Well after about 2 dozen calls and a visit to 2 marinas, I found a welder who will patch it about 40 miles from my house. He will get it in tomorrow.

I hit a ton of sites on this, got the following on JB Weld for hulls:

1. A lot of folks have used it with varying success.

2. While it does hold up well for things like cracked engine blocks,  and intake valves, etc the flex of a boat hull especially one the width of mine, will lead it to fail sooner or later.

3. I had 4 welders tell me to go ahead and use it. and 5 tell me using it would be something i would regret and when I did finally come to them to weld it, they would charge me extra cause it has to be completely removed for them to fix it.

4. Some of the Epoxies out there work well, I think Gluvit was mentioned by name in this thread. I hit 5 stores near me and none of them carry it.

5. Long term permanent fix is find a welder, and get it fixed the old fashioned way.

Share this post


Link to post
Share on other sites

This is what you need seriously! www.AluminumRepair.com . I used this on my first jon boat years ago. My friend who bought it from me still uses the boat. No issues. All you need is a propane torch. Very, very simple.

Share this post


Link to post
Share on other sites

So now exactly how does that stuff work? As far as using it? Sorry to seem quite so clueless on this. It is an area I have not done anything in before.

I have a couple mods I may have the welder do while I am in there. Though, given my luck, I am guessing this will not be the last crack I will be fixing so I definitely would like to see more about this stuff you are recommending.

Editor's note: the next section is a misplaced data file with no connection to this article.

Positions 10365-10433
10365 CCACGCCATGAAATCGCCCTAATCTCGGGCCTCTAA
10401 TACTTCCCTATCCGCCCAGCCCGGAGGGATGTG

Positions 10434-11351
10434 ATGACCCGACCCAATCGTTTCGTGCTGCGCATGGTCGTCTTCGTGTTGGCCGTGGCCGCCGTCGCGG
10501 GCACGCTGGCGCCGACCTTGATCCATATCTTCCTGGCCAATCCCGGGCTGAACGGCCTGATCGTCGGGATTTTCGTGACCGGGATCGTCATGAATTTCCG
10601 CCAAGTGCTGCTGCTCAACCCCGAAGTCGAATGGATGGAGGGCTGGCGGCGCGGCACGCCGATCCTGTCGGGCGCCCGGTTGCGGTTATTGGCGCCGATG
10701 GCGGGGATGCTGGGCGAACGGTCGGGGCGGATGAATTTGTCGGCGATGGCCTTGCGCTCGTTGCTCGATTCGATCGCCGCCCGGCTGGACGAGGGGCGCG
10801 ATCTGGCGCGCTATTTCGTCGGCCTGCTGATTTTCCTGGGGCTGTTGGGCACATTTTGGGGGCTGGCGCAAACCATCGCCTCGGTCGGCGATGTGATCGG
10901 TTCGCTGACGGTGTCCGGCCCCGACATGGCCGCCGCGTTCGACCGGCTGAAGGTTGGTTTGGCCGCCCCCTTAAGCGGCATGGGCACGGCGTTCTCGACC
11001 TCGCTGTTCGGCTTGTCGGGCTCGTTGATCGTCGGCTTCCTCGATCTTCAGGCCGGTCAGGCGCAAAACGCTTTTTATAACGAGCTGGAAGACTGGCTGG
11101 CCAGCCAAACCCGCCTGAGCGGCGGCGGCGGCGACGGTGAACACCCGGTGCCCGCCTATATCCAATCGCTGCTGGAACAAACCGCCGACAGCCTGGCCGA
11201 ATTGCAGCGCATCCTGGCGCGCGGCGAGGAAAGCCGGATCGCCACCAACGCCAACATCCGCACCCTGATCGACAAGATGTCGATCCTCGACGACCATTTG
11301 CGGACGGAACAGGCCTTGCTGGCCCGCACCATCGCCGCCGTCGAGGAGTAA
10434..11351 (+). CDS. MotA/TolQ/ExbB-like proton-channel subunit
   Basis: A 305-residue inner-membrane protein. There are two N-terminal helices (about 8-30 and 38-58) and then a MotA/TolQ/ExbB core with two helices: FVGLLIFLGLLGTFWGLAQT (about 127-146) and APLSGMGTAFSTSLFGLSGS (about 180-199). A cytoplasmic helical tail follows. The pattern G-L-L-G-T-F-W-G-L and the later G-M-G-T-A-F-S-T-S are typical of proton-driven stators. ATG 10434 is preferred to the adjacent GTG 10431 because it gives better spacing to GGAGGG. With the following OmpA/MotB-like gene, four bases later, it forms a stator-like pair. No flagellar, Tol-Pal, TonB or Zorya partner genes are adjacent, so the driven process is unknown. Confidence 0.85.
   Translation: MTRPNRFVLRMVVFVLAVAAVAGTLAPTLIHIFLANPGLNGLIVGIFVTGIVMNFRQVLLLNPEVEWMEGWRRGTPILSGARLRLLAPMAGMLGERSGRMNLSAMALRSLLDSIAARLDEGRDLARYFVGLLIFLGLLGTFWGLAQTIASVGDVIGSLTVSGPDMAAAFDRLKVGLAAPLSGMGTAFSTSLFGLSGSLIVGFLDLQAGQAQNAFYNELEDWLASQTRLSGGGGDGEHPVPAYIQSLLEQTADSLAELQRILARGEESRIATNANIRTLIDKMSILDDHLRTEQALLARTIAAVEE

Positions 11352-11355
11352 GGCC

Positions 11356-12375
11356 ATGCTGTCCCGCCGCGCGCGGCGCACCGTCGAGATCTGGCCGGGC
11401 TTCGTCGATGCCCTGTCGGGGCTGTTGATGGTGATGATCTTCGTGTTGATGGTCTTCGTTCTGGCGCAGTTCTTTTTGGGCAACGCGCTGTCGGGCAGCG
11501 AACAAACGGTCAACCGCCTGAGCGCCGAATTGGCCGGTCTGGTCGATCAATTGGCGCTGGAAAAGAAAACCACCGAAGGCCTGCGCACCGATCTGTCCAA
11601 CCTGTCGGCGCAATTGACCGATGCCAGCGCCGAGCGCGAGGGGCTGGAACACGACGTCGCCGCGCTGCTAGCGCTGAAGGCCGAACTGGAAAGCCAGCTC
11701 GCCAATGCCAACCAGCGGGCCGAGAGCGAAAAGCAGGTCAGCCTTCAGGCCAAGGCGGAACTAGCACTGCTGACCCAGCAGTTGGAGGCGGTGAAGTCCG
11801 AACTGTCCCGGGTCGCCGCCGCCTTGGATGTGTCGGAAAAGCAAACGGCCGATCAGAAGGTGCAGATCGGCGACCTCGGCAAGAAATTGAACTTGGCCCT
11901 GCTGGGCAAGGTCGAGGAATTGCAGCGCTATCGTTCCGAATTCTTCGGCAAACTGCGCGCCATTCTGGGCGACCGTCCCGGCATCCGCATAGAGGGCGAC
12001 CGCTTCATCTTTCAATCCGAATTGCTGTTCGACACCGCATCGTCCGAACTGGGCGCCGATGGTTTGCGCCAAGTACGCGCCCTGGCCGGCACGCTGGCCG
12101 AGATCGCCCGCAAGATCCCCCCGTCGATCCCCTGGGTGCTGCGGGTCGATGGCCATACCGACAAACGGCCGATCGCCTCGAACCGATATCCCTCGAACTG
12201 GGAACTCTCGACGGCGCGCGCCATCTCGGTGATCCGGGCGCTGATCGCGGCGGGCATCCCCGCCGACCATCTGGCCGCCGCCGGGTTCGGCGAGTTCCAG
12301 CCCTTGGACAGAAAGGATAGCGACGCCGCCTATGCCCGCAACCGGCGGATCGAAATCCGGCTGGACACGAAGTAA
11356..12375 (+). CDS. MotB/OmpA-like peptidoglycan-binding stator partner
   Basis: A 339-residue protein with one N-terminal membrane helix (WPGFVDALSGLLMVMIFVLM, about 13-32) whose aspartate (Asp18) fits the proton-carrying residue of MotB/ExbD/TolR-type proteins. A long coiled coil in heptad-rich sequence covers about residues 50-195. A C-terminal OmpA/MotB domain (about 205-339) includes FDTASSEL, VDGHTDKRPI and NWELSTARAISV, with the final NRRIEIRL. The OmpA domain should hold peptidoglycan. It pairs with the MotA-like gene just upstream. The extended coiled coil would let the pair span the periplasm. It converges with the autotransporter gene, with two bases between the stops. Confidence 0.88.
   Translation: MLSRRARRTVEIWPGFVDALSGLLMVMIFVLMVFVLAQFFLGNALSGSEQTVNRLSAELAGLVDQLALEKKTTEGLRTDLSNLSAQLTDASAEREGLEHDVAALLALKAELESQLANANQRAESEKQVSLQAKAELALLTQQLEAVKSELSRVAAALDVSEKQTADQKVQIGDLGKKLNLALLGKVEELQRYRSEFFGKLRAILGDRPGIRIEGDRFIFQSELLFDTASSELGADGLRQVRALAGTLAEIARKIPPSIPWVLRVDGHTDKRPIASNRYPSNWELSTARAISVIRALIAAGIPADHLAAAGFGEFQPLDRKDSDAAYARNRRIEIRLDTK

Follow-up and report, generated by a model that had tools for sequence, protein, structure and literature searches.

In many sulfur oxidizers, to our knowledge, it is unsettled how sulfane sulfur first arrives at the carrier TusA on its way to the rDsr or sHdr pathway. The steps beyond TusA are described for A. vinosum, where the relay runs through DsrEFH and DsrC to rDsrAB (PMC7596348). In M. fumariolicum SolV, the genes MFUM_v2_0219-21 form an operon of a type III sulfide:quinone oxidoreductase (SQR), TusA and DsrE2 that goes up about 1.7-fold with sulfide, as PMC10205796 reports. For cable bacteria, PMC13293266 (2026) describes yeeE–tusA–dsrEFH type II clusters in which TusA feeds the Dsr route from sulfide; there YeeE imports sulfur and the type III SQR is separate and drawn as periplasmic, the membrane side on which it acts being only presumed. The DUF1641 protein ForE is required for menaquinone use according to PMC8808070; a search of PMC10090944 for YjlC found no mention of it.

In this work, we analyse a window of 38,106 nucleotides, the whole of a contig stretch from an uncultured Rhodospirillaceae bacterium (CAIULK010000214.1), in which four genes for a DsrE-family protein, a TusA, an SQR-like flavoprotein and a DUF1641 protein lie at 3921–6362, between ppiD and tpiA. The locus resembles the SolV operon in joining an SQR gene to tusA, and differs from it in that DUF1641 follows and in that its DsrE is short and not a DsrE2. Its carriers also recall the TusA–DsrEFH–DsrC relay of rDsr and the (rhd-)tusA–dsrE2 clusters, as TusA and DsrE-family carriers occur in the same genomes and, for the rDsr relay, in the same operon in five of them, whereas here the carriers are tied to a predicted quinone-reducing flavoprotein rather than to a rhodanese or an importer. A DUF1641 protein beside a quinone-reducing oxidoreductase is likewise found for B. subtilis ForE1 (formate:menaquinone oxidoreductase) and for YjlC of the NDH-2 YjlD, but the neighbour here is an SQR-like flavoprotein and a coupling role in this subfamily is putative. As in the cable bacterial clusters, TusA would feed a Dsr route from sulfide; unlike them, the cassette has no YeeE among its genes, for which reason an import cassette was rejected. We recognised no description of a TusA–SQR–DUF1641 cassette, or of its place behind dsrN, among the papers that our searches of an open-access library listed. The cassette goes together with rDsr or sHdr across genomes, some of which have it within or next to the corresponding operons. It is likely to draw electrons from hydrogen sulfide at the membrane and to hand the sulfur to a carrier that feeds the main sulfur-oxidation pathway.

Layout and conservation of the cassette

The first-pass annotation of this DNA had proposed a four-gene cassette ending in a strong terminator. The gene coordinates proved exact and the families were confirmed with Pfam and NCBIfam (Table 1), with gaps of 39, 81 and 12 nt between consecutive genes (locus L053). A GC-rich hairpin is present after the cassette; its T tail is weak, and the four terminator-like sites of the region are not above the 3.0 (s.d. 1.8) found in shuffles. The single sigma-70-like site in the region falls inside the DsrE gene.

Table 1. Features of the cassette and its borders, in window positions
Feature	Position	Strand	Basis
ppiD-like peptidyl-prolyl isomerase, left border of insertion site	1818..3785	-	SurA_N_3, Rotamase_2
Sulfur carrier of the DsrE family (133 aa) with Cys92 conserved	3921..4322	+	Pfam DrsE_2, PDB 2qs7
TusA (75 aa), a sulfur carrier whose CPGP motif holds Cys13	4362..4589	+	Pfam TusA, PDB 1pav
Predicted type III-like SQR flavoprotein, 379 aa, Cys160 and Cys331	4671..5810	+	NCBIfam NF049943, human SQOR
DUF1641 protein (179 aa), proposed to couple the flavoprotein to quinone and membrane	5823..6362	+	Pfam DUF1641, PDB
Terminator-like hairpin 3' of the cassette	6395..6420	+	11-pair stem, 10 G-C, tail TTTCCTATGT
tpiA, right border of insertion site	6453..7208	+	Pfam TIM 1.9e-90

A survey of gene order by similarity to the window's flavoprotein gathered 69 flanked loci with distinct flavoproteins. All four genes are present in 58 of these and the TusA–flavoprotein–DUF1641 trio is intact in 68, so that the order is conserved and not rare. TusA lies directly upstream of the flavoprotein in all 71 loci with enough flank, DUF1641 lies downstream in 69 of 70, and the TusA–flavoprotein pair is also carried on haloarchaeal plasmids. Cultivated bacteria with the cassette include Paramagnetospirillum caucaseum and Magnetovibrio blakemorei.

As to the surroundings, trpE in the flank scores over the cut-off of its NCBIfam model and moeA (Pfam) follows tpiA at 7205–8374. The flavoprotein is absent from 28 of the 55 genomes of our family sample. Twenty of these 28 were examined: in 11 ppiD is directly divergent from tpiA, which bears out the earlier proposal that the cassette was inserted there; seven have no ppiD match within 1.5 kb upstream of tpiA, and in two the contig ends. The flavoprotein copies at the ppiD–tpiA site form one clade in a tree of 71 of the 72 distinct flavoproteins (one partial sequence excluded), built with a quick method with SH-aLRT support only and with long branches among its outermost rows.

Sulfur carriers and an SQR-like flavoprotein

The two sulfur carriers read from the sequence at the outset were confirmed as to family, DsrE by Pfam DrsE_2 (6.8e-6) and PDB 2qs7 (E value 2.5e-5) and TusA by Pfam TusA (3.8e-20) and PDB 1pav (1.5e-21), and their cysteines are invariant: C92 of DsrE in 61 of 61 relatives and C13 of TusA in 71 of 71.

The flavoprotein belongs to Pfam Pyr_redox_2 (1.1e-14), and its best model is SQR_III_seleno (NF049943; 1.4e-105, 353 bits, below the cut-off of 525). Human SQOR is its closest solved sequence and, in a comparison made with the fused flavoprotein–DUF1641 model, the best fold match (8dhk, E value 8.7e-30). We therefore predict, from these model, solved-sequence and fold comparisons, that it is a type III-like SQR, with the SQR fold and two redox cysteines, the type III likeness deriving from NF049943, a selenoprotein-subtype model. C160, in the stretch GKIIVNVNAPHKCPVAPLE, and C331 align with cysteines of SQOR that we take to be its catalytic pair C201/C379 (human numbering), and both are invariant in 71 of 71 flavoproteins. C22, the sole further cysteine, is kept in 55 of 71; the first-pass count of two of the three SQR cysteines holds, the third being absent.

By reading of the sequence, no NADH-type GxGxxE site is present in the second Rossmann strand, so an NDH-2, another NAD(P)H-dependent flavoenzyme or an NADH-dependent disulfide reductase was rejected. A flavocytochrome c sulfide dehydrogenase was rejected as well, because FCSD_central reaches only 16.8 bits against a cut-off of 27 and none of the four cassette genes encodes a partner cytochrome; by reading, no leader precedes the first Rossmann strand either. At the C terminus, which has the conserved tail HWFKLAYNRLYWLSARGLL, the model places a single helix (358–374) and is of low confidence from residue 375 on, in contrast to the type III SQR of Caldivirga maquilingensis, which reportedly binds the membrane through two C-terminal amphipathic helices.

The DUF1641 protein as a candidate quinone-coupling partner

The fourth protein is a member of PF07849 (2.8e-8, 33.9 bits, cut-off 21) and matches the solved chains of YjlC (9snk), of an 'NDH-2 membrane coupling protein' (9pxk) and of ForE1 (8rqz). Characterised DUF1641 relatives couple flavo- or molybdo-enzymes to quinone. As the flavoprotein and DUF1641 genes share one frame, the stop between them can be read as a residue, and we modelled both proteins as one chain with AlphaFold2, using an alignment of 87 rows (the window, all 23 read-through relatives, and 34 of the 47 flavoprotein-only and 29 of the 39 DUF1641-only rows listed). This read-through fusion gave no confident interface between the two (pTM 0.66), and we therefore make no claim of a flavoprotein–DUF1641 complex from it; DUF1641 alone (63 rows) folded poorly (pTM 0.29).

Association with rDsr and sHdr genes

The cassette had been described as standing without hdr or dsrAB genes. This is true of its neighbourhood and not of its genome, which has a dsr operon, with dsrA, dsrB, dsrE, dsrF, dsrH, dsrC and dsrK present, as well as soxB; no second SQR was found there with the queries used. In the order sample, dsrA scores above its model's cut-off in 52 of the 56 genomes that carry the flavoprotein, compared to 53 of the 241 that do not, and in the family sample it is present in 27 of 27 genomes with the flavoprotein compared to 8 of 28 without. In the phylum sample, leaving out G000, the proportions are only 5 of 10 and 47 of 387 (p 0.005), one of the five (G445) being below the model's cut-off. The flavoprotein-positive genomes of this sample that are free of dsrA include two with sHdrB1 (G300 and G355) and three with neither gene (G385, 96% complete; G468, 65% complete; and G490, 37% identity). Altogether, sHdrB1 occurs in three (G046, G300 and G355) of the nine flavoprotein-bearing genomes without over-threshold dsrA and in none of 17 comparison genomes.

Share this post


Link to post
Share on other sites

Very easy. Heat area and then move in the rod. Heat and the stuff melts like solder but slower. If you don't need any other mods I can send you a couple rods. Save the dough and buy a new reel or something.

Share this post


Link to post
Share on other sites

I appreciate it. I actually went ahead and bought the starter kit. I suspect i will be using it. I can at least "play" some with the stuff I get and get good at it so when I need it, I can do some good work.

Dropped the boat off at the welders this morning. I am having him do some reinforcement braces on some areas just to be safe.

Share this post


Link to post
Share on other sites

Create an account or sign in to comment

You need to be a member in order to leave a comment

Create an account

Sign up for a new account in our community. It's easy!

Register a new account

Sign in

Already have an account? Sign in here.

Sign In Now
Sign in to follow this  

  • Recently Browsing   0 members

    No registered users viewing this page.

  • fishing

    fishing forum

    fishing rods

    fishing reels

    fishing

    bass fish

    fish for bass
    fish

×